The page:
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1685. διά (Lesb. ζά) through, originally through and out of, and apart (separation by cleavage), a force seen in comp. (cp. Lat. dis-, Germ. zwi-schen).

1. διά with the Genitive

a. Local: through and out of (cp. Hom. διέκ, διαπρό), as ““δι᾽ ὤμου ἔγχος ἦλθενthe spear went clear through his shoulderΔ 481, ἀκοῦσαι διὰ τέλους to listen from beginning to end Lyc. 16. Through, but not out of: διὰ πολεμία_ς (γῆς) ““πορεύεσθαιto march through the enemy's countryX. Hi. 2.8 and often in figurative expressions: ““διὰ χειρὸς ἔχεινto controlT. 2.13, διὰ στόματος ἔχειν to have in one's mouth (be always talking of) X. C. 1.4.25 (also ἀνὰ στόμα).

b. Temporal: of uninterrupted duration, as ““διὰ νυκτόςthrough the nightX. A. 4.6.22, ““διὰ παντόςconstantlyT. 2.49.

c. Intervals of Space or Time: ““διὰ δέκα ἐπάλξεωνat intervals of ten battlementsT. 3.21, ““διὰ χρόνουafter an intervalL. 1.12, intermittently Aes. 3.220, ““διὰ πολλοῦat a long distanceT. 3.94.

d. Other relations: Means, Mediation (per): ““αὐτὸς δι᾽ ἑαυτοῦipse per seD. 48.15, ““διὰ τούτου γράμματα πέμψα_ςsending a letter by this manAes. 3.162. State or feeling: with εἶναι, γίγνεσθαι, ἔχειν, of a property or quality: ““διὰ φόβου εἰσίthey are afraidT. 6.34, δι᾽ ἡσυχία_ς εἶχεν he kept in quiet 2. 22, ἐλθεῖν ἡμῖν διὰ μάχης to meet us in battle 2. 11, ““αὐτοῖς διὰ φιλία_ς ἰέναιto enter into friendship with themX. A. 3.2.8. Manner: ““διὰ ταχέωνquicklyT. 4.8.

2. διά with the Accusative

a. Local: of space traversed, through, over (Epic, Lyric, tragic choruses): διὰ δώματα through the halls A 600; διὰ νύκτα Θ 510 is quasi-temporal.

b. Cause: owing to, thanks to, on account of, in consequence of (cp. propter, ob): ““διὰ τοὺς θεοὺς ἐσῳζόμηνI was saved thanks to the godsD. 18.249, τι_μώμενος μὴ δι᾽ ἑαυτόν, ὰλλὰ διὰ δόξαν προγόνων honoured, not for himself, but on account of the renown of his ancestors P. Menex. 247b. So in εἰ μὴ διά τινα (τι) had it not been for in statements of an (unsurmounted) obstacle: ““φαίνονται κρατήσαντες ἂν τῶν βασιλέως πρα_γμάτων, εἰ μὴ διὰ Κῦρονit seems they would have got the better of the power of the king, had it not been for CyrusI. 5.92.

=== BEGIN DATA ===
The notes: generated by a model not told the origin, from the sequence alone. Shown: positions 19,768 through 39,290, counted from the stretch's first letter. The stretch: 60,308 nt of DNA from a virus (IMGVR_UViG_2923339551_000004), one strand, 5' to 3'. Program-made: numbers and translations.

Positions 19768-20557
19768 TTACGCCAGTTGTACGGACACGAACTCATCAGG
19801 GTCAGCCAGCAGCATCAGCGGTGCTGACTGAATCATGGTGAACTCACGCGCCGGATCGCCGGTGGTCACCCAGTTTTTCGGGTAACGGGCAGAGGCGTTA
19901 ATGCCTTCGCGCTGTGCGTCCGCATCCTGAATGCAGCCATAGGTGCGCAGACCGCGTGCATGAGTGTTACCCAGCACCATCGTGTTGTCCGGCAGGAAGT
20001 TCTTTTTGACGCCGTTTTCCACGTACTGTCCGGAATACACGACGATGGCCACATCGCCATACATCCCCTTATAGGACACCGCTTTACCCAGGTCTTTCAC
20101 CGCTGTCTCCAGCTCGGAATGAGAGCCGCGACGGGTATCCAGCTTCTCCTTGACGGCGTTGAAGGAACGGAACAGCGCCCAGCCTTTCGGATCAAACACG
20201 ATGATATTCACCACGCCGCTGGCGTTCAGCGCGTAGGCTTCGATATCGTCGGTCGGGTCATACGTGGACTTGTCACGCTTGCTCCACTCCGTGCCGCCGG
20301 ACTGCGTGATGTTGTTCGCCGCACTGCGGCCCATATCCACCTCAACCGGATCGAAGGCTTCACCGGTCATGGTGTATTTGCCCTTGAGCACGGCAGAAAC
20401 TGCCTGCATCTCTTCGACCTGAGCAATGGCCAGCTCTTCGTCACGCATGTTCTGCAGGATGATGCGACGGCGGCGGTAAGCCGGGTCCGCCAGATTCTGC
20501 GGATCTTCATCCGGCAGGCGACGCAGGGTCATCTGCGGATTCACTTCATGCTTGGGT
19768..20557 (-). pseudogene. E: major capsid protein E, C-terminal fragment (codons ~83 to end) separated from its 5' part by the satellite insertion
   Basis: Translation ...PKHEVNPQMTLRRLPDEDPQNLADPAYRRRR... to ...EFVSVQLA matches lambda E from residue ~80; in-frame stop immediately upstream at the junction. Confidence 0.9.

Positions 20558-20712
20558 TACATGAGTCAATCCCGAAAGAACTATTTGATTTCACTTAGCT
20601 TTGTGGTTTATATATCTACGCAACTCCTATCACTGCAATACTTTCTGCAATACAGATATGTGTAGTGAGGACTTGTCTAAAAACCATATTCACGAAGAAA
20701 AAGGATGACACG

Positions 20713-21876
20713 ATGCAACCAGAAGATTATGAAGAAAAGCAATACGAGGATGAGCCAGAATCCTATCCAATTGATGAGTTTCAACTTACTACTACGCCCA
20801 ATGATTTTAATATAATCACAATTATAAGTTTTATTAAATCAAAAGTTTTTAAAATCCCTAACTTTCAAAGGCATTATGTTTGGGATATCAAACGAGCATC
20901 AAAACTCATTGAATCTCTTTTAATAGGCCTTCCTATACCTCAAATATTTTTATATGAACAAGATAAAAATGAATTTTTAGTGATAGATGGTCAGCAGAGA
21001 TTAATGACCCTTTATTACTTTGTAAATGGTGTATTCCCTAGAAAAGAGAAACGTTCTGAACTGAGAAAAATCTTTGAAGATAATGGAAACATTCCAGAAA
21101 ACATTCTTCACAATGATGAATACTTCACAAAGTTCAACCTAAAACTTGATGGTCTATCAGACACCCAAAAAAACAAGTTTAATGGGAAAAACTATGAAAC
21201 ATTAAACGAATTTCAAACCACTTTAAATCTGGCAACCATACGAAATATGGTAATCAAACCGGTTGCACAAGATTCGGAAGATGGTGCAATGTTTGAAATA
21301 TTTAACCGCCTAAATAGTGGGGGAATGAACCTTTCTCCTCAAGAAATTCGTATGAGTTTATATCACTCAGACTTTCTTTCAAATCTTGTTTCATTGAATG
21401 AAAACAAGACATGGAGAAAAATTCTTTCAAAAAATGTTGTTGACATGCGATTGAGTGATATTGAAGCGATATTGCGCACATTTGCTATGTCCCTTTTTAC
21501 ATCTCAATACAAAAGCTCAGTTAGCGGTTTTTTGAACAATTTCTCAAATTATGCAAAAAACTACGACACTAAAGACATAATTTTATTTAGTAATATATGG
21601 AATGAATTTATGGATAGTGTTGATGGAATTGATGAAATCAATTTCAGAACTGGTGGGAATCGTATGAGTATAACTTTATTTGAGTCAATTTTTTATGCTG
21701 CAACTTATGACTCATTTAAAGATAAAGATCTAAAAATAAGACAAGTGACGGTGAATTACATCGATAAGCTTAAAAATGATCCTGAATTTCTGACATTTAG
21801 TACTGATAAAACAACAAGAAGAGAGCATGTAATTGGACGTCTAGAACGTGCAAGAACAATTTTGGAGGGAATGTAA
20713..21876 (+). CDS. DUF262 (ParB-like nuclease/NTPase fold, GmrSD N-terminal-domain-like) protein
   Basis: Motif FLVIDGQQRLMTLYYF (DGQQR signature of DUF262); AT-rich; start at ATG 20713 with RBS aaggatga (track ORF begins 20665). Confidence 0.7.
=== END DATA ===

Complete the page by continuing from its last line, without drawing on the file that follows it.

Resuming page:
c. διά is rarely used (in place of ἕνεκα) to denote a purpose or object: ““διὰ τὴν σφετέρα_ν δόξανfor the sake of their honourT. 2.89, ““δι᾽ ἐπήρειανfor spiteD. 39.32 (cp. ““διὰ νόσον ἕνεκα ὑγιεία_ςon account of disease in order to gain healthP. Lys. 218e).

d. διά with gen. is used of direct, διά with accus. of indirect, agency (fault, merit, of a person, thing, or situation). διά with gen. is used of an agent employed to bring about an intended result; διά with accus. is used of a person, thing, or state beyond our control (accidental agency). (1) Persons: ““ἔπρα_ξαν ταῦτα δι᾽ Εὐρυμάχουthey effected this by the mediation of EurymachusT. 2.2, τὰ διὰ τούτους ἀπολωλότα what has been lost by (the fault of) these men D. 6.34. The accus. marks a person as an agent not as an instrument. (2) Things: νόμοι, δι᾽ ὧν ἐλευθέριος βίος παρασκευασθήσεται laws, by means of which a life of freedom will be provided X. C. 3.3.52, διὰ τοὺς νόμους βελτί_ους γιγνόμενοι ἄνθρωποι men become better thanks to the laws 8. 1. 22. Sometimes there is little difference between the two cases: δι᾽ ὧν ἅπαντ᾽ ἀπώλετο D. 18.33, δι᾽ οὓς ἅπαντ᾽ ἀπώλετο 18. 35.

N.—διά with gen. ( = through) is distinguished from the simple dative ( = by): δι᾽ οὗ ὁρῶμεν καὶ ἀκούομεν P. Th. 184c.

e. For διά with accus. to express the reason for an action, the dative is sometimes used (1517): ““τοῖς πεπρα_γμένοις φοβούμενος τοὺς Ἀθηναίουςfearing the Athenians by reason of what had happenedT. 3.98. The dative specifies the reason less definitely than διά with the accusative.

f. When used in the same sentence, the dative may express the immediate, διά with the accus. the remoter, cause: ““ἀσθενείᾳ σωμάτων διὰ τὴν σι_τοδεία_ν ὑπεχώρουνthey gave ground from the fact that they were weak through lack of foodT. 4.36.

g. διά with accus. contrasted with ὑπό with gen.: φήσομεν αὐτὸ δι᾽ ἐκεῖνα ὑπὸ τῆς αὑτοῦ κακία_ς ἀπολωλέναι we shall say that it (the body) is destroyed on account of those (remoter) causes (as badness of food) by its own evil (immediately) P. R. 609e.

3. διά in Composition

Through, across, over (διαβαίνειν cross), apart, asunder (διακόπτειν cut in two, διακρί_νειν discernere, διαφέρειν differ, διαζυγνύναι disjoin), severally (διαδιδόναι distribute).

δια- often denotes intensity, continuance, or fulfilment (διαμένειν remain to the end, διαφθείρειν destroy completely). δια- is common in the reciprocal middle (1726), as in διαλέγεσθαι converse; often of rivalry (οἱ διαπολι_τευόμενοι rival statesmen, διακοντίζεσθαι contend in throwing the javelin).

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  • Cross-references to this page (1):
    • Raphael Kühner, Bernhard Gerth, Ausführliche Grammatik der griechischen Sprache, KG 1.3.2
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